Alabama (5-0, 2-0) @ Arkansas (4-1, 0-1); 7pm EDT, ESPN
I know, it’s Alabama and I know it is Arkansas. I know it seems like a classic mismatch; the reigning Super Heavyweight champion versus a team that is trying to develop an iron chin.
The Razorbacks dropped their first game of the season last week, a conference opener to Texas A&M. Arkansas is struggling to stop scrambling quarterbacks which you would think would not bode well against Alabama’s Jalen Hurts. The freshman does not have an amazing tale of the tape when it comes to his stats, (has not even hit the 1,000 passing yard mark), but his 7:1 touchdown to interception ratio is a byproduct of being able to keep plays alive under pressure, the exact thing that hurt the Hogs defense last week.
Arkansas is going to have to “cut off the ring” and contain him more than others have, in order to still be standing in the late rounds of this game. Razorbacks first year starting quarterback Austin Allen has thrown 10 touchdown passes without an interception over the last four games, but it is going to have to be the improved, more physical offensive line that makes the difference for Arkansas. No glass jaws allowed here if you want to end Bama’s nine game winning streak over you.
Washington (5-0, 2-0) @ Oregon (2-3, 0-2); 7:30pm EDT, Fox
This might seem like a strange game to include, considering Oregon’s record, but this is the rising “Golden Gloves” winner that only people in certain parts of the country saw coming, versus the former perennial contender that now struggling to stay relevant.
Oregon’s highlights have always come on the offensive side of the ball, and the Ducks are certainly competent if not proficient there this season. Running back Royce Freeman is back from injury and had 138 yards and three touchdowns last week in the loss to Washington State. Graduate transfer quarterback Dakota Prukop is being replaced this week by freshman Justin Herbert, who has thrown exactly five passes this season. Brady Hoke’s defense has been the issue. The Ducks are #102 in the country against the run and #109 against the pass and have not beaten anyone beyond “tomato can” status this season.
Washington, on the other hand, is young and spry and fleet of foot. They blew out Stanford 44-6 last week in a game that got the attention of the “rest of the nation.” They held the Cardinal scoreless until the end of the fourth quarter. The defense has 20 sacks and 10 fumble recoveries to go with three interceptions and puts you in a corner with quick jabs and before you know it, the fight is over.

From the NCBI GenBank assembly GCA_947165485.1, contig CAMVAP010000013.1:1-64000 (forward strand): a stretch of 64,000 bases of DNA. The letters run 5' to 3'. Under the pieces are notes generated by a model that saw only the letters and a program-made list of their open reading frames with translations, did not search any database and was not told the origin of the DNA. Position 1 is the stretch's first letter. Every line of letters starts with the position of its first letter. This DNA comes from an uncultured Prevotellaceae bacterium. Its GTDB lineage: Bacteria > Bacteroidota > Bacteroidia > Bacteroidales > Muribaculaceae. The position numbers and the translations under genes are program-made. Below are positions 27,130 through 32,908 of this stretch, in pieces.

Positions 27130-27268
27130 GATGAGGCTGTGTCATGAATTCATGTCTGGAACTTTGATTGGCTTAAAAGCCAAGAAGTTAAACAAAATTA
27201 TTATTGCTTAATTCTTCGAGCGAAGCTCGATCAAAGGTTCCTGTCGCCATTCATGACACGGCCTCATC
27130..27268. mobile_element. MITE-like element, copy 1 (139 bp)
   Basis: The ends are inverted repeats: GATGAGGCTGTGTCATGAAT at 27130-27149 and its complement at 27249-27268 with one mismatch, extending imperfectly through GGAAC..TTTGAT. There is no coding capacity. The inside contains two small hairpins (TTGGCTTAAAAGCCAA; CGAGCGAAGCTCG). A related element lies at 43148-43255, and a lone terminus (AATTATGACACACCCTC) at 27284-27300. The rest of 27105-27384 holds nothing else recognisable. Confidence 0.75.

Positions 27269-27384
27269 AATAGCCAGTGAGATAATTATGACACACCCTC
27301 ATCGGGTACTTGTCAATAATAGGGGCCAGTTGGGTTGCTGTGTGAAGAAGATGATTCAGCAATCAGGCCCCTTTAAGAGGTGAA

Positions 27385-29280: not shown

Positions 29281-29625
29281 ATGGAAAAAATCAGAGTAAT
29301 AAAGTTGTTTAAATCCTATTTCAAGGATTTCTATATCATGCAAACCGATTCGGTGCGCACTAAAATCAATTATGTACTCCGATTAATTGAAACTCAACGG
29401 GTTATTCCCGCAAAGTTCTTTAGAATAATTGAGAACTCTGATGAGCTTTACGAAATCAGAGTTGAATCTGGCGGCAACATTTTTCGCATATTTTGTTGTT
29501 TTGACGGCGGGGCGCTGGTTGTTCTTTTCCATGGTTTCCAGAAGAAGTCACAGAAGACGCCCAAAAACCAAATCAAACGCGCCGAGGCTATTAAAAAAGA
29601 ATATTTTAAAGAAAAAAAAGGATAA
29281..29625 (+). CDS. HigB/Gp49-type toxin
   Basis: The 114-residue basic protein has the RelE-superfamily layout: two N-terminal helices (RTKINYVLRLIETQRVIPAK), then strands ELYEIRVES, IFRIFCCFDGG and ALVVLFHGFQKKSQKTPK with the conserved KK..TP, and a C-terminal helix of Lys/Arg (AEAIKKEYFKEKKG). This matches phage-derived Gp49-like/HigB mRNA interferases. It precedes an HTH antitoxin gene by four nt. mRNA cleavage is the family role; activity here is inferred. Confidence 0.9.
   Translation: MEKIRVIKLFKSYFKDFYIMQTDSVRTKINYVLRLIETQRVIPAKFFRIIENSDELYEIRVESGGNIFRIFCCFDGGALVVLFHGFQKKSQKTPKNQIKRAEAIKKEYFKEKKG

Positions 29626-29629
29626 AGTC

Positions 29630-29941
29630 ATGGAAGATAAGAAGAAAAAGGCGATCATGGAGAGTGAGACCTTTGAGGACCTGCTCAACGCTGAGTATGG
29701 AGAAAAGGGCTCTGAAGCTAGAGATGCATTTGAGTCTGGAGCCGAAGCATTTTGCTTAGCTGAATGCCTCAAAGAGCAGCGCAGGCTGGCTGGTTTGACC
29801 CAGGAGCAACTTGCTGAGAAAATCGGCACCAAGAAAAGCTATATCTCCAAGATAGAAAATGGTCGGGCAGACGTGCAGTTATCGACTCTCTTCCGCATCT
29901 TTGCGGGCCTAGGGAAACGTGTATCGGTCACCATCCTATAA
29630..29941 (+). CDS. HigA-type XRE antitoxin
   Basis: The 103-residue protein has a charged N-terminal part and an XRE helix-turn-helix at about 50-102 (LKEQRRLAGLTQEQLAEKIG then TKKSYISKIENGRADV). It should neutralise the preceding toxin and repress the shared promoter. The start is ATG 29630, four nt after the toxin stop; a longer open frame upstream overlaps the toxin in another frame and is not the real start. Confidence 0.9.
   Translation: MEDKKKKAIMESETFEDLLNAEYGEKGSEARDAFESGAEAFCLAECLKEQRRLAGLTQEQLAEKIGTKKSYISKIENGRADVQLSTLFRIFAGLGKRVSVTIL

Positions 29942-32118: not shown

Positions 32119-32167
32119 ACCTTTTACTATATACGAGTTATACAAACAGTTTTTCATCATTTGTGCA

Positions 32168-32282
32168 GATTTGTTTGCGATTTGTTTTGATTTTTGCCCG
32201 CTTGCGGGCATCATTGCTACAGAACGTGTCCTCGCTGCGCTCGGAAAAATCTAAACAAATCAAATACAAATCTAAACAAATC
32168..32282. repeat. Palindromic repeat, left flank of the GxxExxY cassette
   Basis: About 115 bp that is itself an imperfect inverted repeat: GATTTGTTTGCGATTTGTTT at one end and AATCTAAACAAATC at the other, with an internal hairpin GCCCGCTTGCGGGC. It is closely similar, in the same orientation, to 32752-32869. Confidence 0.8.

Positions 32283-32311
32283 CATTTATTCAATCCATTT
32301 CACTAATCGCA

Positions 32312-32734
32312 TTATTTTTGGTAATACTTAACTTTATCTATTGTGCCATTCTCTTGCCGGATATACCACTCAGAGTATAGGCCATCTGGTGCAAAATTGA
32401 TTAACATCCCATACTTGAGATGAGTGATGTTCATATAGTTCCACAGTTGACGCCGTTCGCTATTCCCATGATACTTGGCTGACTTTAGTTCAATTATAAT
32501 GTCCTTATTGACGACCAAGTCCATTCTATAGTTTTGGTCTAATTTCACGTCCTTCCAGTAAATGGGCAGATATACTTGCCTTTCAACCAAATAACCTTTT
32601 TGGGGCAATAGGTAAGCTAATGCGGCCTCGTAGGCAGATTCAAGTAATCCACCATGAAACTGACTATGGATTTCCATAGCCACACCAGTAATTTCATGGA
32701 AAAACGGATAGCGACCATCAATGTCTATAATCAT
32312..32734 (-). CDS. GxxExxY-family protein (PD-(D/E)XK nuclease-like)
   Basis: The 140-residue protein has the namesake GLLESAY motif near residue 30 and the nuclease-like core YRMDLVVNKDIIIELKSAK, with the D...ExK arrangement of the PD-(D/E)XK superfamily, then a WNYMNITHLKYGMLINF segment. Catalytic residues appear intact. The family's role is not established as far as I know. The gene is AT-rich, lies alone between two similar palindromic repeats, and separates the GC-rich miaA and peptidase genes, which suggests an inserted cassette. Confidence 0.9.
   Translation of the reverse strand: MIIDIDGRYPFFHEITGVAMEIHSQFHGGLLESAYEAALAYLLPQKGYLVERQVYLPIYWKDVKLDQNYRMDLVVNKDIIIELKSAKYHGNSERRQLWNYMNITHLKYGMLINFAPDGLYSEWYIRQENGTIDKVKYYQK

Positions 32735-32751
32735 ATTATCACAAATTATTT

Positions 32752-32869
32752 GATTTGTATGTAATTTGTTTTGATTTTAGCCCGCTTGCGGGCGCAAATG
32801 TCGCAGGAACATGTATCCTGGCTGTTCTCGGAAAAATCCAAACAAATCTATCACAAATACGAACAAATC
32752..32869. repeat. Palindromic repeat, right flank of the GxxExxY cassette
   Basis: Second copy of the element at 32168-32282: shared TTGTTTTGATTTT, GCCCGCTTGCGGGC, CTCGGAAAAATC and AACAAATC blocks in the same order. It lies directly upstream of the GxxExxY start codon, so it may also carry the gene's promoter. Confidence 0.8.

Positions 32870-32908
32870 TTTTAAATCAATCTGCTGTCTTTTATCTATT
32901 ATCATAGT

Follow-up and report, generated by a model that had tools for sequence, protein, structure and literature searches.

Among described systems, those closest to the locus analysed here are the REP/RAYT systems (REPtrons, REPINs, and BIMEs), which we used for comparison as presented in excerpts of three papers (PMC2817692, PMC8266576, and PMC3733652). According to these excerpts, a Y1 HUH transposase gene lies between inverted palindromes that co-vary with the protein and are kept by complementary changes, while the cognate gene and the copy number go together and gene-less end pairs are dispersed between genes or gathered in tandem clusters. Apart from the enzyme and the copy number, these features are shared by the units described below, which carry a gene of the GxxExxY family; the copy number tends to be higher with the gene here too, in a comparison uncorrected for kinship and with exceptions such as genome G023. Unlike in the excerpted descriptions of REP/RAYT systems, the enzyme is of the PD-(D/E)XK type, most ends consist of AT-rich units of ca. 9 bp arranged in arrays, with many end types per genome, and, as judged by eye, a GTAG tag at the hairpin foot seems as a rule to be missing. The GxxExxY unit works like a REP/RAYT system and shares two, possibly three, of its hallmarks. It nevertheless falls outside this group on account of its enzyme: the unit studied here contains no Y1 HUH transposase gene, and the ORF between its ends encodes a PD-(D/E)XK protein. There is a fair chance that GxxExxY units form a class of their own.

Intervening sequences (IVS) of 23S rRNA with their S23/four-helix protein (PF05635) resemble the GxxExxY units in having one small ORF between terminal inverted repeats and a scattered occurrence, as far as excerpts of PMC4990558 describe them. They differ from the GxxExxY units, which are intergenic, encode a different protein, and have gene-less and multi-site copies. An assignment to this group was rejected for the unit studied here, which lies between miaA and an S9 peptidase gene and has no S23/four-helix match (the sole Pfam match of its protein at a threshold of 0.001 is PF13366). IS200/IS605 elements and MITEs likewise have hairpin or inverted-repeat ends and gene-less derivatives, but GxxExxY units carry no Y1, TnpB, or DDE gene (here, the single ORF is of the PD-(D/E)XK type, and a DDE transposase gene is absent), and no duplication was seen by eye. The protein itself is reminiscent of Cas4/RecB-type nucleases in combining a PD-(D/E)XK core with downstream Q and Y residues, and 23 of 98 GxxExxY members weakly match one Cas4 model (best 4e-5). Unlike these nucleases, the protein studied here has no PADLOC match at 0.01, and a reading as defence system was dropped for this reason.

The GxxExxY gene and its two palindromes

Florida State (3-2, 0-2) @ Miami (4-0, 1-0); 8pm EDT, ABC
Miami needed a makeover and went out and got a new corner team, (Mark Richt) and turned into a contender much faster than anyone expected. The Canes are one of only two teams that has not faced a deficit all season, (Boise State being the other) and is one of two teams that has not allowed a play of 40 yards or more, (Ohio State is the other). In other words, the defense that is second in the nation in points per game is not going to get beat by big roundhouse punches. The offense is balanced and this is the game to prove they have arrived.
Florida State looks like a shell of the once great champion who has been clinging to its glory. The Seminoles have given up more points through the first five games than any team in program history and they are giving up the yards in big chunks. Running back Dalvin Cook has been the dagger in the Canes’ heart the last two seasons with late game deciding touchdowns. If FSU wants to stay in the bout they are going to have to score quickly and often. Before we give up on the perennial contenders though, we have to remember that Florida State has a six game winning streak over Miami and that the Canes were 7-0 going into the match-up in 2013 and walked out with a 41-14 bludgeoning.